This has just been my experience anyone reading this might have had a different story to tell. Let me know in the comments if you do, I’d love to hear about it or if you have any questions or need tips I’d also love to help!

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Day 3: Iceland

We finished Iceland with a “free” walking tour of Reykjavík booked through City Walk. I say free with quotation marks just as they advertise it because you are actually supposed to give some money at the end. There is no set price for the tour you pay only what you think it’s worth and trust me it’s worth it.

We walked on a frozen lake afterwards which was really weird because part of it was water where geese and swans swam and the rest was ice where people walked and slid around. Our tour guide Tomas told us people ice skate and even play football on the frozen lake.

Something I seem to do in most countries I go to is visit the locals places of worship, so we went to a church which was as beautifully white on the inside as the snow on the outside.

I didn’t know Iceland was known for its hotdogs until I got here so we decided to see what all the fuss was about and went to Reykjavík’s most famous hotdog stand (thanks to Bill Clinton) and I can say that it really is nothing special the best bit about it for me was the crunchy onion but that’s about it.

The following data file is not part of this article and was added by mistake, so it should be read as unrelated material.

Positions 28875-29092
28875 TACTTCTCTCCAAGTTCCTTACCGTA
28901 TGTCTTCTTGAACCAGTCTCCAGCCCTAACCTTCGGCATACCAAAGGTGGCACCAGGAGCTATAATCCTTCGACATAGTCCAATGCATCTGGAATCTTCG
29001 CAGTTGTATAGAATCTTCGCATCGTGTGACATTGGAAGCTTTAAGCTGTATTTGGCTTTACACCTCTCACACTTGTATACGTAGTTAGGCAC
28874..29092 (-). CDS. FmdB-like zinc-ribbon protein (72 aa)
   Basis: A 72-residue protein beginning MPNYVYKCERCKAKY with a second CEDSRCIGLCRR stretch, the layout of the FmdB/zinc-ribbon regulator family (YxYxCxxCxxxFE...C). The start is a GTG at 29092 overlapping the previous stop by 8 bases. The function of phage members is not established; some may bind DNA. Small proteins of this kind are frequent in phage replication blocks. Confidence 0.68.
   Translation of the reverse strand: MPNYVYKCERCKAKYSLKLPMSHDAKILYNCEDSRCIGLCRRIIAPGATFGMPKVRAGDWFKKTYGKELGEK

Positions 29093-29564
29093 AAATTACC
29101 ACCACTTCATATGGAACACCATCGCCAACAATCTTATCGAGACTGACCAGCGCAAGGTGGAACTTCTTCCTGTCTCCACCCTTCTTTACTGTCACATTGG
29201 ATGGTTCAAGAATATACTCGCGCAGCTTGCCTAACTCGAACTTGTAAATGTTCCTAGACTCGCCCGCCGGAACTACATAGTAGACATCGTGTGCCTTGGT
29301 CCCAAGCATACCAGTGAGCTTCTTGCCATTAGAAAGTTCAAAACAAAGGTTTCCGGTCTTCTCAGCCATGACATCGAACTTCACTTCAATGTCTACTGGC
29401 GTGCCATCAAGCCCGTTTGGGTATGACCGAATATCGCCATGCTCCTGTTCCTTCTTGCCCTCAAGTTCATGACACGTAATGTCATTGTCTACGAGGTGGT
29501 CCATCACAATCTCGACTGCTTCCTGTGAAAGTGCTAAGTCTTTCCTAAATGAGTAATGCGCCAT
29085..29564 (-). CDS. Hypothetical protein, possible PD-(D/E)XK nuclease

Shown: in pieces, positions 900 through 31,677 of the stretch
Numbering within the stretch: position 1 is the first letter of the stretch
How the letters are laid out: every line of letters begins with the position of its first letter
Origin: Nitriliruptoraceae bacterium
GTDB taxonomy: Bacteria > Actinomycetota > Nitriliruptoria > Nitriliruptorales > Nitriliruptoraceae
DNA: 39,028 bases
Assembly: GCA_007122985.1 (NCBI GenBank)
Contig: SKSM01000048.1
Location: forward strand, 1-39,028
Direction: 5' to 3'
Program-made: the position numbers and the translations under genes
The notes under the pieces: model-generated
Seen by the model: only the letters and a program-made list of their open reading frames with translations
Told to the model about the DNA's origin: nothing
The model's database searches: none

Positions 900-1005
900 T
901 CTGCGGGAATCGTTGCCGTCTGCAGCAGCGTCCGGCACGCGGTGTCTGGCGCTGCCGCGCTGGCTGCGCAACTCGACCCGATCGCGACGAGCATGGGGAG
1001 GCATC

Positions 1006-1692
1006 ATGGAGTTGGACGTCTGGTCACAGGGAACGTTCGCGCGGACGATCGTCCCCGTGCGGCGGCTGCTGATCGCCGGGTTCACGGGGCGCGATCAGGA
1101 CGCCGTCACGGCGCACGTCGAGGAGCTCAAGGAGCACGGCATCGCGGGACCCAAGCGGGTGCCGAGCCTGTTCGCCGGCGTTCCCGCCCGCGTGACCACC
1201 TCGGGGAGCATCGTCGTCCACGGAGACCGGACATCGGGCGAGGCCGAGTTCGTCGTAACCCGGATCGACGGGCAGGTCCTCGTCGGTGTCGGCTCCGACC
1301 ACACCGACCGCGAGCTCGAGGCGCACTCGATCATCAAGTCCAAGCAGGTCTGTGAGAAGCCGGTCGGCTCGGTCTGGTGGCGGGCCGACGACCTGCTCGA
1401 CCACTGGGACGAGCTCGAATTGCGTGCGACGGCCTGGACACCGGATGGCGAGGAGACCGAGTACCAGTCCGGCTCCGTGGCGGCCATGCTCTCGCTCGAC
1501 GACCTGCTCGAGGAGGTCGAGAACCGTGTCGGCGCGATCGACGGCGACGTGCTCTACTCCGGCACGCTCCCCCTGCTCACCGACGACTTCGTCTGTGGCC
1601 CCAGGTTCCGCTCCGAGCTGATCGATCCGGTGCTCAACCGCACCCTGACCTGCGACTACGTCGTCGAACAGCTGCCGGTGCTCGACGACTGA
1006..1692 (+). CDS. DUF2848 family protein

All in all Iceland has been amazing and I definitely plan to come back here in the future.

(More photos to come)!

Day 2: Iceland

I experienced the coldest weather I’ve ever endured on my second day in Iceland. It was -8 degrees, so cold that our iPhones were malfunctioning.

We did the Golden Circle excursion which was incredible. We started at 8:30am and the sun hadn’t yet risen. It didn’t rise in fact until around 10am.

The whole journey to the sights consisted of 360 degree views of snow and mountains. It was beautifully white all around.

Our first stop was the Gullfoss waterfall, if you go there in the winter be sure to take a leaf out of our book and get a hot drink from the little shop there before you actually go near the waterfall itself as being closer to water you feel the cold more so in temperatures that low it was definitely a good idea. It’s also a good idea to buy some cookies from the local supermarket beforehand like we did and enjoy some biscuits and tea with a stunning view. Be sure to drink it fast though, it didn’t take long to get cold.

We headed to the Geysers after this, the lake-like water running through was 80-100 degrees and you could see the steam ghosting over it. One of the Geysers went off every few minuets which was amazing, and allowed for plenty of opportunities to capture a shot or video as well as the chance to more importantly enjoy it through my eyes rather than through the lens of a camera.

We finished by going to Thingvellir National Park, which has made it onto my list of one of the most beautiful places I’ve ever been to. The water was part frozen and crystal blue, an hour was not long enough for me here.

I’d recommend doing the Golden Circle if your time here in Iceland is limited because you get to see so much in one day.

(More photos to come)!

Day 1: Iceland

We arrived in Iceland on little to no sleep due to the time of our flight which made the start of our journey a bit of a haze.

It didn’t take long to snap out of this though, when we reached Keflavik airport we were waiting for our driver near the automatic doors which opened anytime anyone went near them. This meant that the snow which was falling down was being blown at us every time the door opened by the wind that came with it.